As expected, energy consumption is highest during the morning between 5 – 8 a.m. and in the evening after 5 p.m. Throughout the day, solar resources begin producing energy, which helps offset what customers need. Demand is at its highest at 6 p.m., but solar-produced energy begins to dramatically fall from 5 – 8 p.m., which creates a shortfall.
Long-duration energy storage for the future
Binding clean energy targets set in 28 states and Washington, D.C. will require about 34 percent of electricity consumed in the United States to be from non-emitting resources by 2050, based on those states’ share of electricity consumption in 2020. This means that by the year 2050, the amount of non-emitting generation on the grid will need to increase by almost 50 percent.
Incorporating all that variable generation while keeping the lights on will be a significant undertaking.
“Much of the research that has been done in this space concludes that long-duration energy storage can reduce the costs of operating a fully decarbonized power grid,” said Twitchell. “These findings are important, but our paper takes the additional step to explain that long-duration energy storage is not a luxury, but a necessity. This is not an economic paradigm, it’s a reliability paradigm.”
Others in industry and research are collectively tackling this challenge as well. One of them is Julia Souder, the CEO for the Long Duration Energy Storage Council, a global non-profit that works to accelerate the decarbonization of the world through the acceleration of long-duration energy storage.
“LDES is a necessity to effectively de-risk our clean energy future and PNNL reiterates the critical fact that the clean energy transition is not possible without it,” Souder said. “As the market matures, grid planners and operators will benefit from the research here that displays how LDES provides a flexible, resilient, secure, and affordable solution to meet tomorrow’s energy grid needs. And, as we look to multi-hour, multi-day, and seasonal energy storage solutions to achieve 24/7 clean energy, the planning and procurement process needs to be much more inclusive to allow LDES to fully participate in the market.”
Now is the time to act
Twitchell, DeSomber, and Souder all agree: the time to act is now.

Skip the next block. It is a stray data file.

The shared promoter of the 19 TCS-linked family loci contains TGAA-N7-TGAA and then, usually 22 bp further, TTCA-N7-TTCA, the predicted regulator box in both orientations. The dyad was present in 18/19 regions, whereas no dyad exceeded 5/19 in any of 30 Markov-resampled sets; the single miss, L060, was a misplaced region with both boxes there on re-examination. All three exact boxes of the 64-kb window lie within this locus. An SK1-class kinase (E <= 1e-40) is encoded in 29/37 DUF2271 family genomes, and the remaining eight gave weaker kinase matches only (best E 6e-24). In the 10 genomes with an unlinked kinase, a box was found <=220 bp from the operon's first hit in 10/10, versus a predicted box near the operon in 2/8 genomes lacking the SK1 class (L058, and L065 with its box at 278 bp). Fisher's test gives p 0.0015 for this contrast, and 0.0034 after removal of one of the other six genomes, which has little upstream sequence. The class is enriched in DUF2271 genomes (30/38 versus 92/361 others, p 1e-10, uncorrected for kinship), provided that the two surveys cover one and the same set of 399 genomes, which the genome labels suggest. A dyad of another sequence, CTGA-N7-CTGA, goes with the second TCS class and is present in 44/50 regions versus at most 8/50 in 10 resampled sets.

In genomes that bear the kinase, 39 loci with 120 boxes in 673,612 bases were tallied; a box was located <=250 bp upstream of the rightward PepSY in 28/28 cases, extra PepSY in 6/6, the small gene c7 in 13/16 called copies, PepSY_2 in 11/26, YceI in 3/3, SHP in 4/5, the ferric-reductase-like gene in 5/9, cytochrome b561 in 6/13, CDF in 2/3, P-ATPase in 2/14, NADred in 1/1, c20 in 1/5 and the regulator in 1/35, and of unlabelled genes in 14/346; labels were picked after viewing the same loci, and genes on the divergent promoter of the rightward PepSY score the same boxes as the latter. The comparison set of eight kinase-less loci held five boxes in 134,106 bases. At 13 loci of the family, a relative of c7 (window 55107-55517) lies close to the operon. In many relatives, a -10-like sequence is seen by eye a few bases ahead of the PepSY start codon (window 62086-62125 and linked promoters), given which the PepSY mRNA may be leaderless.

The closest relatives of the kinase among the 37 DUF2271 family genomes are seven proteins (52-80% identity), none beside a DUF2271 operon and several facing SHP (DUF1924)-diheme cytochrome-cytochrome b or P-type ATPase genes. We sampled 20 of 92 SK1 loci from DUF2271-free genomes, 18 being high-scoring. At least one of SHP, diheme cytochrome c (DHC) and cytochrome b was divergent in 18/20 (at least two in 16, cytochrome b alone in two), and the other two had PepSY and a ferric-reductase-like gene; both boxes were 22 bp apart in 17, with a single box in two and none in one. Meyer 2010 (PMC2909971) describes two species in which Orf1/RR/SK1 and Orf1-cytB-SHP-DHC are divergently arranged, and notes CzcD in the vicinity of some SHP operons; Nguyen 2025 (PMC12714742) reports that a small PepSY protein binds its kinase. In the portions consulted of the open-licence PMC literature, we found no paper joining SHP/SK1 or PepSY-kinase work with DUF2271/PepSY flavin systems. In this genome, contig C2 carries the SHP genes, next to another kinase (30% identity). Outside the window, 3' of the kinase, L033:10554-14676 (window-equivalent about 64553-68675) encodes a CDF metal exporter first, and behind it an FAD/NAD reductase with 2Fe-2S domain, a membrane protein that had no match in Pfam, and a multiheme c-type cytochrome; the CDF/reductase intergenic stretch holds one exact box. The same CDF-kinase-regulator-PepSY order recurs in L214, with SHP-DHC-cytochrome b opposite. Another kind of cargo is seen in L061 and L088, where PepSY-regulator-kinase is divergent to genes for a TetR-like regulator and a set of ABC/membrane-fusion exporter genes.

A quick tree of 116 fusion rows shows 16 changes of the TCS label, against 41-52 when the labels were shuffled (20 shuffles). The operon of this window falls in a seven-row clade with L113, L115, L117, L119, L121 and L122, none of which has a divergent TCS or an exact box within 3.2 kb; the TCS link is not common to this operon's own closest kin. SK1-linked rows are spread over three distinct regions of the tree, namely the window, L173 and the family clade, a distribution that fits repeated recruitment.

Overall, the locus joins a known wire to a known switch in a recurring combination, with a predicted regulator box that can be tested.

“The motivation for this paper and research was to make the case that LDES will be an absolute necessity in a decarbonized grid,” Twitchell said. “If we want it to be available when we need it, then we need to start sending clear market signals that will support research and development of LDES technologies now. These technologies take years to develop, but our energy planning and procurement processes work on short (less than three-year) cycles. By the time our processes identify LDES needs, there won’t be time to develop and deploy them.”
Funding for this report came from the Department of Energy Office of Electricity and supports its efforts for the Long Duration Storage Shot, the Office of Electricity Storage Program (research and materials development), as well as the Department of Energy’s Net Zero Labs Pilot Initiative, in which PNNL plays a collaborative effort to apply the national laboratory’s scientific and technological knowledge to create tangible solutions for achieving net-zero emissions.
PNNL hosts a monthly webinar series, Energy Storage@PNNL, on behalf of the Office of Electricity for the Grid Storage Launchpad. These monthly webinars are conversations with experts on the future of energy storage. The March webinar, Long-duration Storage Policy and Economics, was hosted by Twitchell and featured insights from three industry leaders. Click here to watch it.
Click here to view past energy storage webinars and register for upcoming ones.
By Courtney Stenson, courtesy of PNNL.